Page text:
Japan’s Nuclear Crisis Explained: A Sampler
Difficult though it is to believe, the massive earthquake and tsunami that devastated northeast Japan happened less than a week ago. It would have been even harder to believe, when the first damage reports began rolling in, that the quake and tsunami would have taken a backseat in the headlines to the worst nuclear accident since Chernobyl, whose 25th anniversary is coming next month. In fact, there's still a distinct possibility that the Fukushima disaster will surpass Chernobyl and Three Mile Island to become the worst nuclear disaster in history (if you discount Hiroshima and Nagasaki, of course).
Getting a handle on exactly what's happening at Fukushima is difficult, for a couple of reasons. First, nobody can actually get inside the plants to inspect the damage close-up. It's simply too dangerous. Second, Japanese officials haven't been very good at providing what information they do have. And third, the situation keeps changing, day-to-day and even hour-to-hour.
Nevertheless, a number of news and other organizations have quickly put together some useful resources that can help us understand something of what's happening at Fukushima, and what could happen next.
For an up-to-date timeline of the disaster, for example, check out this Wikipedia page.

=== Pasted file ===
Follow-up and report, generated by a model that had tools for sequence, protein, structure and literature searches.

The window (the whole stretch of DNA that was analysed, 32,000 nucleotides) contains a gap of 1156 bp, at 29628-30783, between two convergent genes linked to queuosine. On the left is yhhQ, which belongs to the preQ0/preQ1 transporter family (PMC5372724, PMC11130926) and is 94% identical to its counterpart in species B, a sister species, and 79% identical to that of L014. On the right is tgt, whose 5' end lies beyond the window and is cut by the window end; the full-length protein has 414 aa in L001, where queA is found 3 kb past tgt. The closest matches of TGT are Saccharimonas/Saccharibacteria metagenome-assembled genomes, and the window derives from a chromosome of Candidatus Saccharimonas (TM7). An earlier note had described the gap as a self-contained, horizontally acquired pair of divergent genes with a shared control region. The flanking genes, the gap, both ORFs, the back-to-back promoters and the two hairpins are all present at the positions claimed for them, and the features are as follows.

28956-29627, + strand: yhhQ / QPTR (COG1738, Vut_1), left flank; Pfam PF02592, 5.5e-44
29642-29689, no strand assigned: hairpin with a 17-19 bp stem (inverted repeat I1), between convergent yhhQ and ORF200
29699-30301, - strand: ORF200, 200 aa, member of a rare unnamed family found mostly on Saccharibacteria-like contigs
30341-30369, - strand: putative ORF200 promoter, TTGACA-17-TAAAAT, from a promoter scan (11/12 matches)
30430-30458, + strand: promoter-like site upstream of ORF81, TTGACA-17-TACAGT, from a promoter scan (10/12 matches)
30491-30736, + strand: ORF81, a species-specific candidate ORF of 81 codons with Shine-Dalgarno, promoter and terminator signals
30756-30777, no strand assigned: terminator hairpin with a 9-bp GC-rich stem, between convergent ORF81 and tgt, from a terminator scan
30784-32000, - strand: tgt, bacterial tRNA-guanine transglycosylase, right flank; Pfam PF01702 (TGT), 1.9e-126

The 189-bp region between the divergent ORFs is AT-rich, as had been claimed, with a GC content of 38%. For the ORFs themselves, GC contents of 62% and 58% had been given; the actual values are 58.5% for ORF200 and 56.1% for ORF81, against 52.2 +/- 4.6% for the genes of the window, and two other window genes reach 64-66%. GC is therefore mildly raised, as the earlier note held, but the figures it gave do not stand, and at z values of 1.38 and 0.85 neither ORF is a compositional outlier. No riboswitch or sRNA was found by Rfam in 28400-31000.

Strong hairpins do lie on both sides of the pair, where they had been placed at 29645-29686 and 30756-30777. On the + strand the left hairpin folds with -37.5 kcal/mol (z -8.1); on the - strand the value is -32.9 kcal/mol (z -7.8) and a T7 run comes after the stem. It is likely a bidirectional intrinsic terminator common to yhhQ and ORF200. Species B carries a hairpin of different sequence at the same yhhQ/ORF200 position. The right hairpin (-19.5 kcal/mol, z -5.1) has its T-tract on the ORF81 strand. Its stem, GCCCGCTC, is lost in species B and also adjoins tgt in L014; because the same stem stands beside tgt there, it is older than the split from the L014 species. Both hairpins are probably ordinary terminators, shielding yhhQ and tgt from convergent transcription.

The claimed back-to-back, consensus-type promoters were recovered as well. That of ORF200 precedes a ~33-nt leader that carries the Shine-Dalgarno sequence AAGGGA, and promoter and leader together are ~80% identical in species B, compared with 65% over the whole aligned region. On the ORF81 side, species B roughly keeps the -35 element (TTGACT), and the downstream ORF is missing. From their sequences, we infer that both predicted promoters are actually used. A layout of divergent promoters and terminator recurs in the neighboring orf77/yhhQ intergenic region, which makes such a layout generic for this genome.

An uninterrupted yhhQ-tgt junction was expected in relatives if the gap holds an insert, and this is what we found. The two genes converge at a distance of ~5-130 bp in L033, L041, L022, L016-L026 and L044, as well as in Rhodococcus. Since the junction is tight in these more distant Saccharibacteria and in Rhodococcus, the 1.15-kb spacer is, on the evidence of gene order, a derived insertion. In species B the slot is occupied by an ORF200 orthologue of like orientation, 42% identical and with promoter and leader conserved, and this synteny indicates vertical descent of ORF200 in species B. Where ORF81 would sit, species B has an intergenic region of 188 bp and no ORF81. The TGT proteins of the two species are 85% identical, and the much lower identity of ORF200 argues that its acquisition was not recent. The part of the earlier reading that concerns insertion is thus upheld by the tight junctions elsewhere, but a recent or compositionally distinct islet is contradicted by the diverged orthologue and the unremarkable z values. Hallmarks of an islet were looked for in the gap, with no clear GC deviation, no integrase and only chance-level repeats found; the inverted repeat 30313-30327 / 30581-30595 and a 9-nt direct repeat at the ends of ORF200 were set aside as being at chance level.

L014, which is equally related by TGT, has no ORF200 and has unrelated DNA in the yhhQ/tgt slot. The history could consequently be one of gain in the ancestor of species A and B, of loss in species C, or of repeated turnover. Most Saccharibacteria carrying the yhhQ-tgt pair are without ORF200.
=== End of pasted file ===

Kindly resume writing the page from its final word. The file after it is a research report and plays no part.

The New York Times has, as always, compiled a wealth of information. They've posted a graphic showing how a plume of radioactivity released from the plant is likely to spread (this graphic does NOT include information about actual radiation levels; only about wind patterns). The Times also has an excellent page showing the current status of each of the six reactors at Fukushima, which is updated daily. And there's an interactive graphic showing how a reactor shuts down and — if things spin out of control, as they may now be doing — how it melts down.
There's also an excellent multipart series of graphics at The Washington Post that lays out almost anything you'd care to know about the disaster, from information about the reactors themselves to evacuation plans and more.
The U.K.'s Guardian website has a terrific multimedia explainer starring reporter Ian Sample on video, with all sorts of supplementary material.
And finally, Slate comes at the story from its usual different angle by providing a worldwide interactive map of where, when and how powerfully tsunamis have struck the world since 1975.
If you've seen other examples of great explainers, whether in graphical or other form, please let us know in comments.